File spoon-archives/nietzsche.archive/nietzsche_1995/nietzsche_Nov9.95, message 43


Date: Wed, 15 Nov 1995 10:11:27 -0800
Subject: Re: Music, Nietzsche, Rhythm


Violet seems to have caught my drift here.  I'm suggesting that Wagner was
the beginning of the end of tonality, an ending that ended in important
respects with Schoenberg, specially and initially in his George Lieder.
There (in the third and forth songs) there is no longer any 'tonic pull' and
hence has no tonic/key.  This, of course, creates significant compositional
(and listener appreciation!) problems, not the least of which is that the
very 'syntax and grammar' --even the 'vocabulary' -- of music, which had
been provided by the tonic, was no longer there; listeners often do
understand what is going on in such music, which seems arbitrary and without
any menaningful beginning or end.  With Schoenberg, we have a genuine crisis
of intelligility of music (--that in this ending Schoenberg needed to draw
on the resources of poetry is, I think, significant).  I'm suggesting,
therefore, that where Wagner 'struck the first blow' againt the god of music
(tonality) which 'logically' led to Schoenberg's 'post-tonality,' Nietzsche
struck the first blow againt the god of philosophy and its metaphysical
grammar, which 'logically' led to 'postmodernism.'  When I say tonality, I
am, of course, meaning Western tonality, just as when I say metaphysics, I
mean (and I think Nietzsche means) Western metaphysics.  There is, then, a
parallel between Nietzsche and Wagner from and
music-theoretical/philosophical point of view that can only be appreciated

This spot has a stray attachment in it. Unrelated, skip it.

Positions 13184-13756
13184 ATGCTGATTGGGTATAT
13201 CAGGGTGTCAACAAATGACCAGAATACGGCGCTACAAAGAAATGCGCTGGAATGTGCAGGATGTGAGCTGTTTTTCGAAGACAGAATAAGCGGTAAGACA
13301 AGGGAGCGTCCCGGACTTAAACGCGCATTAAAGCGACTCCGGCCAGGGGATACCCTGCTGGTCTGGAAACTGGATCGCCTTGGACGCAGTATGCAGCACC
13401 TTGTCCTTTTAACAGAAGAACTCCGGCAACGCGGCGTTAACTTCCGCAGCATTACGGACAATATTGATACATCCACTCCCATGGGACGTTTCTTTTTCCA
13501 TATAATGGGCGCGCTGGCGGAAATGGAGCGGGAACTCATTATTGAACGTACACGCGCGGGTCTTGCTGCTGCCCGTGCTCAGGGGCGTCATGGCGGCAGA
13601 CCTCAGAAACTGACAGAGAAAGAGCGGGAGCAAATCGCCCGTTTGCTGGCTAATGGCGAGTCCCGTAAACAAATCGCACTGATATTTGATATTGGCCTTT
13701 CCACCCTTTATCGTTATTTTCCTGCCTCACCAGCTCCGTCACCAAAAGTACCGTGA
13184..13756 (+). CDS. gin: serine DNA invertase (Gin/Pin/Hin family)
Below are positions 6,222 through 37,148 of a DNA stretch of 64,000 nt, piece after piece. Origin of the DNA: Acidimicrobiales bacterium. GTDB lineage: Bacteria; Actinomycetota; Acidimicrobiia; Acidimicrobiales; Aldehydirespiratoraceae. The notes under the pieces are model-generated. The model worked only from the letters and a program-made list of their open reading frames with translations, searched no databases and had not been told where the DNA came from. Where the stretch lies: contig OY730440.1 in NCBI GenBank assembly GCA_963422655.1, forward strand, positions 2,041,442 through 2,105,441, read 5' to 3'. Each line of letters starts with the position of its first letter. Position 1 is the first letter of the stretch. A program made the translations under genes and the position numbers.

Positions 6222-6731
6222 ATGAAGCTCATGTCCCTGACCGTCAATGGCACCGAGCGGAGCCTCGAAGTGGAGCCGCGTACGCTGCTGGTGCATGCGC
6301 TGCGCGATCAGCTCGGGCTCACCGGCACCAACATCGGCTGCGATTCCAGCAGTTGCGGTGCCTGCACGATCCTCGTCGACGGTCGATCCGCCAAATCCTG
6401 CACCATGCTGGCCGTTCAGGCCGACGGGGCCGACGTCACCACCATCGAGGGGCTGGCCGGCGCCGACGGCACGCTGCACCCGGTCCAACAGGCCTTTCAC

musicologically and is utter invisible if one treats Wagner as a cultural
icon.  I'm condensing here a hundred pages of analysis, but that's the drift. 


>Stephen,
>
>I think you are confusing tonality - a feeling of gravity towards a particular 
>tone (a key), with microtonality - dividing an octave by more than 12 tones. 
>
>'post-tonal' music would be a reference to atonal music - music without a key.
>
>I think what was said was, not that Wagner was an atonal composer, but that 
>there's a relationship between Wagner and the development of atonal music. 
>This is true. It was Wagner's 'Tristan und Isolde' that first called into 
>question the major-minor system of tonality. Later, in music as varied as 
>Strauss and Debussy, Mahler and Scriabin, the pull of the key is so weak that 
>it can hardly be felt. It was Schoenberg that introduced atonality. He even 
>felt that he was only perpetuating the tradition of harmonic development, the 
>traditions of Haydn, Mozart, Beethoven, Schubert, and Brahms, to include 
>harmonies that were more complex then their predecessors. This was the 
>Viennese tradition and there was a 'logic' to it. Wagner however, was _not_ 
>part of this Viennese school of tradition, Wagner was revolutionary. As no one 
>had done before him, he changed opera, and music itself. Wagner did have an 
>influence on Schoenberg and thus the 'logical' development of atonal music, 
>but to say Wagner was just a step in this logical development is to look back 
>on hundreds of years with too quick a glance.
>
>
>
>Violet



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